Cancer Centers Tripled Ad Spending In Last Decade; Are They Pushing Hope Or Hype?

If you watch cable TV — especially basic cable during the daytime — you’ve likely seen your share of heartwarming ads showing off cancer survivors who were saved from the brink by the handsome physicians and nurses at [Fill In The Blank] cancer treatment center. Over the last decade, direct-to-consumer marketing by cancer centers has soared, with much of that spending concentrated in the hands of about two dozen operators. However, some doctors are concerned that these ads aren’t selling patients on the reality, but on the experiences of a few rare cases.

The ad-spending figures come from an analysis published recently in JAMA Internal Medicine, which looked at spending by cancer centers on TV, print, and online (both banner and search) advertising between 2005 and 2014.

This did not include ads seeking donations for cancer centers or advertising in niche-market publications for physicians; just ads intended to appeal to people who may be looking for a cancer treatment facility for themselves or someone else.

According to the study (which adjusted all dollar amounts to 2014 dollars for sake of comparison), total ad spending by cancer centers was just over $54 million. In 2014, that number had more than tripled to $173.5 million.

Online ad spending (for which the report only has data from 2010 to 2014) grew the most in a very short time — from around $300,000 total in 2010 to $8.63 million in 2014. However, that’s still only enough to account for around 5% of all ad spending.

The biggest spender, by far, in 2014 was Cancer Treatment Centers of America. The Florida-based for-profit chain that currently operates facilities in five markets (Atlanta, Chicago, Philadelphia, Phoenix, Tulsa) spent nearly $102 million on advertising that year — accounting for around 58% of the entire industry.

In commercials like the one below CTCA shares glowing stories of cancer survivors:

The ad features a few smart-looking (and likely quite smart) doctors talking about the treatment with words and phrases most people outside the world of oncology (or those who’ve had to deal with cancer treatment) don’t understand, but which sound fancy.

Which is basically in line with the results of a 2014 study by the same researchers who published the data on advertising money.

For that report, researchers looked at the content of more than 409 TV ads for 102 different cancer centers and found that they overwhelmingly market treatment (88% of ads) instead of preventative screening (18%). Compounding the issue, only 2% of the ads quantified the associated risks with the treatment being advertised, and only 5% gave an indication of cost.

“Clinical advertisements by cancer centers frequently promote cancer therapy with emotional appeals that evoke hope and fear while rarely providing information about risks, benefits, costs, or insurance availability,” concluded that 2014 report.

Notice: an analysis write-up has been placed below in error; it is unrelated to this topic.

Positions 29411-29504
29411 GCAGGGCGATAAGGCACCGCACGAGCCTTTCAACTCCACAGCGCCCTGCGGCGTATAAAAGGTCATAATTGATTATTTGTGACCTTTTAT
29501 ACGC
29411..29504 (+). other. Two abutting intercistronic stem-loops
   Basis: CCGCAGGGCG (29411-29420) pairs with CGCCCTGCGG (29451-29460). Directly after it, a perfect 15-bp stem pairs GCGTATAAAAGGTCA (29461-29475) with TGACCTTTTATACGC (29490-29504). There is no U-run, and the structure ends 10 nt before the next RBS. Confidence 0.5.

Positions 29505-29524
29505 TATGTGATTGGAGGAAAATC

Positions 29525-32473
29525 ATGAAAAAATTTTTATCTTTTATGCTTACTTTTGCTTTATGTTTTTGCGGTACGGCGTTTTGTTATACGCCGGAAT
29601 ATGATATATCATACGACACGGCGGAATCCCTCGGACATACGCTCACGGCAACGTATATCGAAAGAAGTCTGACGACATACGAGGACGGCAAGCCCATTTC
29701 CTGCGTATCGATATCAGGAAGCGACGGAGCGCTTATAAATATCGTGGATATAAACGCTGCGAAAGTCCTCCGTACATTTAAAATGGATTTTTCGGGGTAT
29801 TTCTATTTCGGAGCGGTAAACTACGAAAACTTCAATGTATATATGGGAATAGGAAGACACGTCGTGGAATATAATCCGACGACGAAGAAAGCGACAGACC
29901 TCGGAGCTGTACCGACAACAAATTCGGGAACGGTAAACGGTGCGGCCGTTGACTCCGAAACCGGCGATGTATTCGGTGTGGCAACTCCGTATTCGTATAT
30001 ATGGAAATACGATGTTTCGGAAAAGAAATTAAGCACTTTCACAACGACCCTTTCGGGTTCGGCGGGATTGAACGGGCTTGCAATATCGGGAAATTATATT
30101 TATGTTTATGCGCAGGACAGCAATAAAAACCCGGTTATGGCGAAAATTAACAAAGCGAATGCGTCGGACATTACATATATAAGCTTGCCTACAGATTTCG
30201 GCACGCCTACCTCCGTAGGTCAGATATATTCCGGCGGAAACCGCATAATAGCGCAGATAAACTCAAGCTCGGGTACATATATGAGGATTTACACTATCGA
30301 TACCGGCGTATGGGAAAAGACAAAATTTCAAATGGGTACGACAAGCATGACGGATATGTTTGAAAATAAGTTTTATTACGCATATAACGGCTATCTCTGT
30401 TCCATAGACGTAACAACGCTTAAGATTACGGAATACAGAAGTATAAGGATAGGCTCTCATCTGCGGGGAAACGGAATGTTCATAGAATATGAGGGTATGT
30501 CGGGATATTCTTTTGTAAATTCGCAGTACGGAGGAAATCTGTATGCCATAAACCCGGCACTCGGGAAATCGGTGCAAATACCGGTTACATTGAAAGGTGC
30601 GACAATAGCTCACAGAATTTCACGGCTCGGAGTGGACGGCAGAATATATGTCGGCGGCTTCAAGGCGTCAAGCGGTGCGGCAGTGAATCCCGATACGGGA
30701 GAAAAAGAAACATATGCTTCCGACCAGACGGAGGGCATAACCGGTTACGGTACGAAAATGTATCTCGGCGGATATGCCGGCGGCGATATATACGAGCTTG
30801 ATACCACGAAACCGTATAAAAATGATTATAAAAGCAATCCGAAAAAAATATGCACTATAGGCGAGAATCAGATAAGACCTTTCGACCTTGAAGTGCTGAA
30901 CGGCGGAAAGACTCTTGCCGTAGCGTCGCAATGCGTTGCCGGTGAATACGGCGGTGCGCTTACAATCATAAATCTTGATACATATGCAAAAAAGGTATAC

In fact, CTCA has been called out over its statistics in the past. In 1996, the company — along with two affiliated hospitals — settled a Federal Trade Commission complaint about its allegedly misleading marketing.

According to the complaint, CTCA advertised that its survivorship rate for cancer patients was among the highest recorded, but did so without adequate evidence to back up that, and other, claims.

While CTCA ceased making those claims, a 2014 Reuters investigation raised concerns about the statistics the company does provide on its website.

At the time, the company claimed that 60% of is non-small-cell lung cancer patients were still alive six months after treatment (that figure now says 65% on the CTCA site), while the national average is only a 38% survival rate over the same timeframe.

However, Reuters’ panel of nine experts on medical statistics unanimously concluded that — assuming the survival rate is accurate — this comparison is misleading, because CTCA patients are not statistically representative of the spectrum of cancer patients.

The company treats — relative to other cancer centers — fewer elderly patients, and very few CTCA patients are covered by Medicaid (or not covered by any insurance). That eliminates two very large groups of people who may be more prone to problems with cancer treatment, either because of other age-related conditions or because they were reluctant/unable to seek out treatment early on.

The CTCA ads — and the many, many stories and videos on the company website — do include the disclaimer that results are not typical (see screengrab at left), but that isn’t necessarily the magic shield against liability in a false advertising complaint.

As physicians Lisa M. Schwartz and Steven Woloshin note in an editorial accompanying the new study, the FTC now places a higher threshold for companies wishing to use the “results not typical” disclaimer.

The FTC would rather companies go with disclaimers that show specifics. For example, if a commercial for a weight loss system features a woman who lost 45 pounds, the disclaimer shouldn’t read “results not typical,” but “most women who use XXX lose 15 pounds.”

Better yet, the FTC would have the company show testimonials from women whose results are in line with that typical result.

According to Schwartz and Woloshin, it’s a lesson these cancer centers need to learn: “Cancer survivors selected because of their striking responses to treatment are by definition atypical.”

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